The Determinate Sentencing Law (DSL) permits enhancement of felony sentences for prior felony convictions resulting in state prison commitment.  (§ 667.5, subds. (a) & (b).)  Section 667.5, subdivision (b), governs the imposition of one-year consecutive sentence enhancements for nonviolent felony offenses (cf. § 667.5, subd. (c)).  Enhancements are imposed for each “prior separate prison term ” the defendant served, except for those previous prison terms unavailable for enhancement by operation of the five-year “washout” period. (§ 667.5, subd. (b), emphasis added.)

Section 667.5, subdivision (g) (subd. (g)), defines a prior separate prison term as “a continuous completed period of prison incarceration imposed for the particular offense alone or in combination with concurrent or consecutive sentences for other crimes, including any reimprisonment on revocation of parole which is not accompanied by a new commitment to prison, and including any reimprisonment after an escape from incarceration.”

Beginning with People v. Espinoza (1979) 99 Cal.App.3d 59, 159 Cal.Rptr. 894, much attention has been given to interpreting subdivision (g).  (See generally People v. English (1981) 116 Cal.App.3d 361, 172 Cal.Rptr. 122;  People v. George (1980) 109 Cal.App.3d 814, 167 Cal.Rptr. 603;  People v. Butler (1980) 104 Cal.App.3d 868, 162 Cal.Rptr. 913, repudiating its earlier decision in People v. Cole (1979) 94 Cal.App.3d 854, 155 Cal.Rptr. 892;  People v. James (1980) 102 Cal.App.3d 728, 162 Cal.Rptr. 548;  People v. Mathews (1980) 102 Cal.App.3d 704, 162 Cal.Rptr. 615;  People v. Welge (1980) 101 Cal.App.3d 616, 161 Cal.Rptr. 686.)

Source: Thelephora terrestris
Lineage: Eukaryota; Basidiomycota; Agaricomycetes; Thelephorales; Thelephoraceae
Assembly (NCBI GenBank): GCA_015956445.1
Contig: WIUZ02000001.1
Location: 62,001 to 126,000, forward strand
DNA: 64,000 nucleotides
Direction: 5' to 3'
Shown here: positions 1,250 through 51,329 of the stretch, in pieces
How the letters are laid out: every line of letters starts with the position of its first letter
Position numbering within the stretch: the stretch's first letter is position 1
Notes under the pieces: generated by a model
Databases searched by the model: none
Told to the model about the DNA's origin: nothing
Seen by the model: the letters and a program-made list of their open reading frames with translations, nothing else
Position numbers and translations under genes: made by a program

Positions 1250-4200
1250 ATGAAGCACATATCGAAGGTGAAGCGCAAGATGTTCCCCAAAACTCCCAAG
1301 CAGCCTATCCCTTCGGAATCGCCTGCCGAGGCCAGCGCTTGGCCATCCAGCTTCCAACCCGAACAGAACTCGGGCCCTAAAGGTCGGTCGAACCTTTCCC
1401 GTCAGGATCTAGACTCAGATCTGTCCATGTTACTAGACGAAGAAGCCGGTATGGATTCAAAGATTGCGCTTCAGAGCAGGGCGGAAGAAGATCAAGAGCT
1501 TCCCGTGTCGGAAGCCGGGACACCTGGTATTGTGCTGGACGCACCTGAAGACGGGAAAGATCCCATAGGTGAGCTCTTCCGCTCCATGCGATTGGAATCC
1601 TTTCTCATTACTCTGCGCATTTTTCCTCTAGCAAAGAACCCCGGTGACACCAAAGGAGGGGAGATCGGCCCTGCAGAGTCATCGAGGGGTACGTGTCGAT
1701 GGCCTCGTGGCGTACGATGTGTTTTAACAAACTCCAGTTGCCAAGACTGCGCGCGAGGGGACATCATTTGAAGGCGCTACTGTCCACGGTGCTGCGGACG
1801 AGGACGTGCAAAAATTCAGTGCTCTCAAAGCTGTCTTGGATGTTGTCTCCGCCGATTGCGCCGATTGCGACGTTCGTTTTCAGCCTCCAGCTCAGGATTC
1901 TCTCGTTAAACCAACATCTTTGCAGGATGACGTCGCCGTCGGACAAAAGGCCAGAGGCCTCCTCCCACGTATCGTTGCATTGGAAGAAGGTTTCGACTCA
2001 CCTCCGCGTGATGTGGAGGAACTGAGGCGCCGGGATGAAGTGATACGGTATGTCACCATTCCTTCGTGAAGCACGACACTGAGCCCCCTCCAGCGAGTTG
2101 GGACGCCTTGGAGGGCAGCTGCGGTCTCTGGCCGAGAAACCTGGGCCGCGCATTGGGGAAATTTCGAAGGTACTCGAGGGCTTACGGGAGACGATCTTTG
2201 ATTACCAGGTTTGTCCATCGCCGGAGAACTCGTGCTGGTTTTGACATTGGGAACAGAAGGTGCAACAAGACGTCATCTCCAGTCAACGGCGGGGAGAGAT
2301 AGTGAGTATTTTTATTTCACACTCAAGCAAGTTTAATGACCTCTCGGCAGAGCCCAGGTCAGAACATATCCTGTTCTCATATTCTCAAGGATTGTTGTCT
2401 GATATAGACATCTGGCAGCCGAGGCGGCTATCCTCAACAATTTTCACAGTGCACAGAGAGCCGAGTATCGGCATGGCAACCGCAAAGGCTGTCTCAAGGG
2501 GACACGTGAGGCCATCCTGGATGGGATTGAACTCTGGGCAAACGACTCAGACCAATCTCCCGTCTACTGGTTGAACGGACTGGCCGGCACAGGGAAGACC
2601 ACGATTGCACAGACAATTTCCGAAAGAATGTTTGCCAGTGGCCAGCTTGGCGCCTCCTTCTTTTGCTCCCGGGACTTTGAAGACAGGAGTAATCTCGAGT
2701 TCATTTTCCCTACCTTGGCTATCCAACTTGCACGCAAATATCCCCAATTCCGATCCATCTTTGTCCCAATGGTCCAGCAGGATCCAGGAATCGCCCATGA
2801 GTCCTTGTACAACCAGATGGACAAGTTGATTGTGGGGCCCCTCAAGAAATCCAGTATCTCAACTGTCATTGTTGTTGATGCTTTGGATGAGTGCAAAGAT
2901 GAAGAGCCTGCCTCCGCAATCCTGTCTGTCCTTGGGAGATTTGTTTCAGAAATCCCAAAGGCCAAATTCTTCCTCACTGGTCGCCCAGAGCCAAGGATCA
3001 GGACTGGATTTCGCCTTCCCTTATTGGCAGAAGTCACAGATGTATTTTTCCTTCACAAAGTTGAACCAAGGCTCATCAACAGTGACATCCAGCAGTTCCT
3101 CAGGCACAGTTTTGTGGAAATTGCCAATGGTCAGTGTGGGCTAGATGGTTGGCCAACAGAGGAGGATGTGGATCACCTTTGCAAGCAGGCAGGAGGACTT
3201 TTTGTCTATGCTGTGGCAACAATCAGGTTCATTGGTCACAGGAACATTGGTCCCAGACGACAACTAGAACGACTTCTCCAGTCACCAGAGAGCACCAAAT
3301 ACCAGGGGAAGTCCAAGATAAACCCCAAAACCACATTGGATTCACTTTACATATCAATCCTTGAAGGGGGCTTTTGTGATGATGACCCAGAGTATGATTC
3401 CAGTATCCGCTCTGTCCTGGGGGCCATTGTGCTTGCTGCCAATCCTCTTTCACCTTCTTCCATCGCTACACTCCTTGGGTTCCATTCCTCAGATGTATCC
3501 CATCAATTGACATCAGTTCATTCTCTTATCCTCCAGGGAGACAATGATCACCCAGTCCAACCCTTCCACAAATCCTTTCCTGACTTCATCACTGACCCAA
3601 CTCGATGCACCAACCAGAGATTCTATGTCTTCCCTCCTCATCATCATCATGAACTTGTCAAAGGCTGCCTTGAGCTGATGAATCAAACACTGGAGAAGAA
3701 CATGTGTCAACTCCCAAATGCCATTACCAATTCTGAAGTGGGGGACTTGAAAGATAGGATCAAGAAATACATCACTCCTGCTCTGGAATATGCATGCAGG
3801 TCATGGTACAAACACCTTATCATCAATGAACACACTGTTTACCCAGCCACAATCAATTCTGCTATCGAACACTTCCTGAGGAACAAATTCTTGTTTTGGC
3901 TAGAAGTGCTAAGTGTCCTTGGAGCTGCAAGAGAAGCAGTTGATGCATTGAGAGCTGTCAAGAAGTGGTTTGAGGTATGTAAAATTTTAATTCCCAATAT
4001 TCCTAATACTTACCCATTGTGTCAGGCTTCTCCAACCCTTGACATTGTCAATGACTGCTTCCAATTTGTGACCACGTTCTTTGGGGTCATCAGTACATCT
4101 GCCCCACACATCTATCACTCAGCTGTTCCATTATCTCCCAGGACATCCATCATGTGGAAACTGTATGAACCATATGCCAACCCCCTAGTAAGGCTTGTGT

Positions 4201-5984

The plain language of subdivision (g) indicates after a defendant is committed to state prison, additional concurrent or consecutive sentences imposed in the same or subsequent proceedings are deemed to be part of the same prison term.   (See People v. Burke (1980) 102 Cal.App.3d 932, 163 Cal.Rptr. 4;  People v. Williamson (1979) 90 Cal.App.3d 164, 153 Cal.Rptr. 48.)   Generally, the number of separate prison terms available for enhancement is determined by identifying the “continuous completed” terms of prison incarceration served.   (People v. Welge, supra, 101 Cal.App.3d 616 at pp. 620–621, 161 Cal.Rptr. 686;  People v. Espinoza, supra, 99 Cal.App.3d 59 at pp. 68–76, 159 Cal.Rptr. 894.)   For example, multiple prior convictions served concurrently constitute one separate prison term for which only one sentence enhancement can be imposed.  (People v. English, supra, 116 Cal.App.3d 361 at p. 372, 172 Cal.Rptr. 122;  People v. Burke, supra, 102 Cal.App.3d 932 at pp. 942–943, 163 Cal.Rptr. 4.)   Recommitment to prison for a new offense after the earlier term is “completed” results in two separate prison terms.